Br. Jamie, osb
    Building superintendent/caretaker, 7200 sq. ft. historic house museum with dependencies in New England
  • sscerberus
    sscerberus Member Posts: 7


    May I ask what you don't like about the round mercury thermostat? Other than not being programmable -- which can be solved by manually turning them down at night and up in the morning -- they are bulletproof.

    Not that I do not dislike it, I do see benefits with going with a digital thermostat as it can be more accurate...

    Mostly I just want to be able to control the temp without physically having to go to the thermostat. In bed is the perfect example. In the middle of the night I often wake up too hot. I normally have the temp set at 68... and would like to back that down to 66. But then have it go back up to 68 just before we wake up.

    I do not care about the energy savings of newer thermostats, as I believe the amount of energy used to reheat the water vs just keeping the water at a constant temp just about cancels each other out. If I were to have a forced air system... then I would understand the benefits of "setting back" the thermostat when I'm away.
  • sscerberus
    sscerberus Member Posts: 7


    BTW, all thermostats are just switches and a switch cannot command the boiler to operate in low fire, high fire, or any fire. It just commands the boiler to start.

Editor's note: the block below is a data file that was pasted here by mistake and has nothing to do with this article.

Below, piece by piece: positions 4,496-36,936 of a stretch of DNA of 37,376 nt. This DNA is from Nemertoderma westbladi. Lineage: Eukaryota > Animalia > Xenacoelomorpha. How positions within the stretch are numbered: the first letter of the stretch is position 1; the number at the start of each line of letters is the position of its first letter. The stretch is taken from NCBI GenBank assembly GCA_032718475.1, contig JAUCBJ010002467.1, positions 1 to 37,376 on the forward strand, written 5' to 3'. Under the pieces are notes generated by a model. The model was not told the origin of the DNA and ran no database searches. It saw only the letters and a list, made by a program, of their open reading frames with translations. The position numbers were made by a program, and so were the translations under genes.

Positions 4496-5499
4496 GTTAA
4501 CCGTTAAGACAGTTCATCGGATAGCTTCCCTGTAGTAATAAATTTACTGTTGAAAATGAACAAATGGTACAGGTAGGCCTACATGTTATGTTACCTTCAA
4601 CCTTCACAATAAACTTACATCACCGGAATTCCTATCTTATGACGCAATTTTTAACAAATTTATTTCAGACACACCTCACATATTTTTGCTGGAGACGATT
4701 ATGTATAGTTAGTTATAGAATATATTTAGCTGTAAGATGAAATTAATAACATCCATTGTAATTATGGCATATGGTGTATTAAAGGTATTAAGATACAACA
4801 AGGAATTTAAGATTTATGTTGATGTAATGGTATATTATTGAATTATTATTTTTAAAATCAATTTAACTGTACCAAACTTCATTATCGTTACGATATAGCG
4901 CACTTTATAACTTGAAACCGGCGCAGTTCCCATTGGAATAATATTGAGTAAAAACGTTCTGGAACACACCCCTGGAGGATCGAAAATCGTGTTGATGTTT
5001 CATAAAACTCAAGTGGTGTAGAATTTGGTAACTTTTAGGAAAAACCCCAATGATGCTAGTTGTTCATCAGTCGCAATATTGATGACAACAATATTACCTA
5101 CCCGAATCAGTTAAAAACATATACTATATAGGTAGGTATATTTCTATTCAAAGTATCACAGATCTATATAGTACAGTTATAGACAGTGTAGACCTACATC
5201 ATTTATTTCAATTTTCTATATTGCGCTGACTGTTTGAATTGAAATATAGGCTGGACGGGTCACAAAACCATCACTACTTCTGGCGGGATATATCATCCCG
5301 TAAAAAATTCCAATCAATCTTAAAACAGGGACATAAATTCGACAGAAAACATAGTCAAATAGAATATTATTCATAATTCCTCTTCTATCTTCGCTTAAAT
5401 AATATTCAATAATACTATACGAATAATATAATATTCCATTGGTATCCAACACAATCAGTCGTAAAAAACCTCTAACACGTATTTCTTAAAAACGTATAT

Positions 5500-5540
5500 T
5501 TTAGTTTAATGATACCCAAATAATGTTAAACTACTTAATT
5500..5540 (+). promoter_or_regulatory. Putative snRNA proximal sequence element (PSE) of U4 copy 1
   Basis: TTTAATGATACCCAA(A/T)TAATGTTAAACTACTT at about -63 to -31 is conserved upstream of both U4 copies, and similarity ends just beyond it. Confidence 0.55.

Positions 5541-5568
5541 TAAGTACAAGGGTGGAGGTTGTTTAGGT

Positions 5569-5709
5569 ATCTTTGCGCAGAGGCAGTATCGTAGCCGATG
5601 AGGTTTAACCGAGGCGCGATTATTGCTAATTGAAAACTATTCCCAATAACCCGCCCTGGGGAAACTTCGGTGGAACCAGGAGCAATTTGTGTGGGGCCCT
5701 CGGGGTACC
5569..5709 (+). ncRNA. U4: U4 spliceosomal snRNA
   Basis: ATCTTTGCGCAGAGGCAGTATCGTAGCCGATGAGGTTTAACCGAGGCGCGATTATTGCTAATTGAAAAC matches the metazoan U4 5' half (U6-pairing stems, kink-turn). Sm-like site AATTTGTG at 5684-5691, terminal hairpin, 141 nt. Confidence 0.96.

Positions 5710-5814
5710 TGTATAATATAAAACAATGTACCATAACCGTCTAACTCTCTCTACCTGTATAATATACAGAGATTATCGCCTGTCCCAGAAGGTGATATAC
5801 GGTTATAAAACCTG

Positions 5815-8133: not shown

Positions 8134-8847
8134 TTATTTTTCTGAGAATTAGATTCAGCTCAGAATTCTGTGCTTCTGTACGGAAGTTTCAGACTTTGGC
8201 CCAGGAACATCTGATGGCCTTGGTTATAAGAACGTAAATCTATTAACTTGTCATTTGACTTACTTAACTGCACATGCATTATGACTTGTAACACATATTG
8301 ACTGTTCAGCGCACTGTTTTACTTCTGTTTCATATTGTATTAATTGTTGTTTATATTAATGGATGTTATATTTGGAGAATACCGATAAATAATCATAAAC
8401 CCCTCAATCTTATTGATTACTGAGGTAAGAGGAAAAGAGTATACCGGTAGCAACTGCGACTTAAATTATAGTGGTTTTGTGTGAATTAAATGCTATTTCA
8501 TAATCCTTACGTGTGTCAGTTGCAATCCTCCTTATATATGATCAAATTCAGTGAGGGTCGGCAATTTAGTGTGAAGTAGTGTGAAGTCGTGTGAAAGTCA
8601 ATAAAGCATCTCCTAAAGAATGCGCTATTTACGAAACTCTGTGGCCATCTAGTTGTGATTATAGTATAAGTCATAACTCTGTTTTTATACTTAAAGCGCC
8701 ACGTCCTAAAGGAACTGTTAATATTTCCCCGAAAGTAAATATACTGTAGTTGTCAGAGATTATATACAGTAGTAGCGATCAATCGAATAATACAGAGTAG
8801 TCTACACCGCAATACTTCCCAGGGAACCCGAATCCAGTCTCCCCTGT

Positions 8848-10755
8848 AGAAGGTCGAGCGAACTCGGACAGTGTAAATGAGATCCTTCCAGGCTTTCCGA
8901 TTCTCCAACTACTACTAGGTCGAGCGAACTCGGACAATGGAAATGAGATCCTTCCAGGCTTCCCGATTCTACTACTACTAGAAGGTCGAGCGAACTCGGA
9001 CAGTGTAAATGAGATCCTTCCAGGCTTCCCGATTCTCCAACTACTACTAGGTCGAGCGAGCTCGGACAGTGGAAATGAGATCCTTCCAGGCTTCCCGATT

Yeah, that was my impression as well... but as I said, the tech said in his diagnostic that the Nest was killing the power preventing the boiler from being able to properly keep the water temp regulated. I don't really understand how the nest would be any different then the Mercury thermostat, unless something in the internal wiring of the nest opens a circuit killing the flow of power in some manner.
  • sscerberus
    sscerberus Member Posts: 7

    Never underestimate the creative abilities of a "tech" when he doesn't understand anything about which he speaks.

    The term "male answer syndrome" comes to mind.

    It's a sad commentary today. A race to the bottom.

    I agree... but at the same time when over a dozen techs in the are tell me the same I have to wonder if they are right... even though it doesn't make sense to me, but I can't even find anyone who will install one on my system.
  • CMadatMe
    CMadatMe Member Posts: 3,085
    Umm... Series 2 is not a modulating boiler and the Nest or any Stat is nothing more then a switch that tells something to open (zone valve) or run (pump). What's that have to do with the boiler operation?
    "The bitter taste of a poor installation remains much longer than the sweet taste of the lowest price."
  • Jamie Hall
    Jamie Hall Member Posts: 17,071
    A Nest, unhappily, is not just a switch, nor even a programmable switch such as, for instance, any of the Honeywell lines. It is a computer, and hooked up to the 'net -- and Google, in Kalifornia. There is no way for the homeowner -- or service personnel -- to predict what it is going to do, nor when.

    Your service people may not know why they don't want to install one, but they know that they are trouble and they don't want to be part of it. I don't blame them a bit.
    Br. Jamie, osb
    Building superintendent/caretaker, 7200 sq. ft. historic house museum with dependencies in New England